Soldiers of the Sixteenth Century

The Soldiers Of Cartier And Roberval

The First Uniform Worn in Canada

French crossbowman around 1541­42

Caption: French crossbowman around 1541­42

View Multimedia - Voyages of Jacques Cartier

Caption: View Multimedia - Voyages of Jacques Cartier

Insofar as clothing was concerned, the same Spanish spy reported that for the expedition of 1541 Cartier "gave everyone a black and white livery." 21 Whether in the colours of the king, a province, a noble family, a religious group, or a gentleman, livery was of heraldic origin. It was a kind of uniform before they existed, identifying the servants and all the people belonging to a household. It was not uncommon at this time for the soldiers and sailors bound to a particular captain by ties that were still influenced by feudalism to wear livery as well. In 1462, Louis XI authorized the sailors from the Gironde (Bordeaux) to wear clothing of "red and white like our emblem." 22 In 1533, François I ordered his foot soldiers to wear the colours of their captains' livery on their sleeves. Since the Middle Ages, black and white had been the colours of Brittany, and it is thus not surprising that these colours were worn by the sailors of a captain from St. Malo, as well as by the accompanying men-at-arms. The livery of Cartier's soldiers and sailors was therefore, in all likelihood, the first "uniform" worn in Canada.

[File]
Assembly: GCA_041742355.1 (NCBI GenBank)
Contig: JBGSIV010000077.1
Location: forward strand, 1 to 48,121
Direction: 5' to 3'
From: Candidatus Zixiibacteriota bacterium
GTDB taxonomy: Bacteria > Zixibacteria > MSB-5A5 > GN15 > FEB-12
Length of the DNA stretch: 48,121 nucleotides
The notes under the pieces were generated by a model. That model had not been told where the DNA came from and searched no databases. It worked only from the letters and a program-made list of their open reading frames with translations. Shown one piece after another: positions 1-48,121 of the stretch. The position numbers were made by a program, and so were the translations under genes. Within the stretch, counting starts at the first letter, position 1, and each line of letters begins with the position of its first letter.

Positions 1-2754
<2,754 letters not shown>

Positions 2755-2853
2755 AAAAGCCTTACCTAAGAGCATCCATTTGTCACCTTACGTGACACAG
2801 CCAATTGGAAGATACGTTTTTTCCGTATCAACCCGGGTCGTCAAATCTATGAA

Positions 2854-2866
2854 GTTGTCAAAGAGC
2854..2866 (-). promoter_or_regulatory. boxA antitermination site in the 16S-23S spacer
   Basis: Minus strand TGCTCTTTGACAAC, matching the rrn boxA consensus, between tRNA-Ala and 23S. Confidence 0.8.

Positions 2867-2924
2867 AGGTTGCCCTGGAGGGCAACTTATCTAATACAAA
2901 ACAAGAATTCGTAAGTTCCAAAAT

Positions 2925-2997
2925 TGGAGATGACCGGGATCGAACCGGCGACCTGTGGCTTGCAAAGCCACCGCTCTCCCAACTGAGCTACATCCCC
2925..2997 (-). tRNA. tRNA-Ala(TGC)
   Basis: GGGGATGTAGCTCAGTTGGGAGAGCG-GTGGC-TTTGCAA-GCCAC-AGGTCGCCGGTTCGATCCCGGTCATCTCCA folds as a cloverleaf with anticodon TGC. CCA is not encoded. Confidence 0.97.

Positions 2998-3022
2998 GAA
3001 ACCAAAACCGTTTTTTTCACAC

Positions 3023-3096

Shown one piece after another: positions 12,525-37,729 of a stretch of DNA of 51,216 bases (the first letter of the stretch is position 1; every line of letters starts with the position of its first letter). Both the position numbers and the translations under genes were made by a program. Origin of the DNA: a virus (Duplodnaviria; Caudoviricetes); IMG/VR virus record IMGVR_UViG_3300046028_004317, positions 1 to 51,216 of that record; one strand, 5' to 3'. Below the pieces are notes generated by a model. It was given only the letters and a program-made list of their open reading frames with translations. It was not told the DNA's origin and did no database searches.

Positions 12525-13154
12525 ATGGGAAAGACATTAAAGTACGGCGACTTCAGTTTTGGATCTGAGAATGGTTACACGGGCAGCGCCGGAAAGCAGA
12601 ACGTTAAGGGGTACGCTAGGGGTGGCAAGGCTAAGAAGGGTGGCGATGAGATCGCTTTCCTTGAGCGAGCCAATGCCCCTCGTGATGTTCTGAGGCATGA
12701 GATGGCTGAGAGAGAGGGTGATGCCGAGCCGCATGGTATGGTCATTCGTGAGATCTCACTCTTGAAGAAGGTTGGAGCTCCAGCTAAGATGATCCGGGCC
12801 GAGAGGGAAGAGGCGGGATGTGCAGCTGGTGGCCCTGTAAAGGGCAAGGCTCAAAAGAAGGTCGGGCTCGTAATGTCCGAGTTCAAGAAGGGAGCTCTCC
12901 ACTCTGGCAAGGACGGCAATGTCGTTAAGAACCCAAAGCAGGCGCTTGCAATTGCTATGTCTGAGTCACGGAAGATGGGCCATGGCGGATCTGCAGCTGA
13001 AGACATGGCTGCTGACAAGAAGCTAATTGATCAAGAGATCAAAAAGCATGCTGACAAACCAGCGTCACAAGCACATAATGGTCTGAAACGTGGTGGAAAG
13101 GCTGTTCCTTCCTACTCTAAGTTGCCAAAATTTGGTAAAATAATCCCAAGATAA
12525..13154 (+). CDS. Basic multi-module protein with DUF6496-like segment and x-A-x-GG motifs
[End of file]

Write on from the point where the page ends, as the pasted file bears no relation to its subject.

Weapons, liveries, contingents of troops - all this information indicates the extent of the preparations for this expedition and the importance attached to the military aspect. How would the weapons be distributed? Probably the harquebuses and crossbows, as more expensive and specialized arms, would be given primarily to the soldiers. On a voyage like this, pikes and halberds were most useful to the sailors and the future colonists, in short, to all the men able to bear arms on the ship in case of attack by enemy galleons or even by pirates. These weapons could be used on land as well for defending forts, but were of little use against Amerindians. As for the rondaches, they were for the soldiers armed with swords, who formed the bulk of the infantry at the time. Since soldiers generally owned their own weapons and defensive equipment, in addition to those furnished by the expedition, the men accompanying Cartier on his third voyage were certainly armed to the teeth.

Additional Images

Officier wearing armour, 16th century
Jacques Cartier's ships at Brion, Iles-de-la-Madeleine, June 1534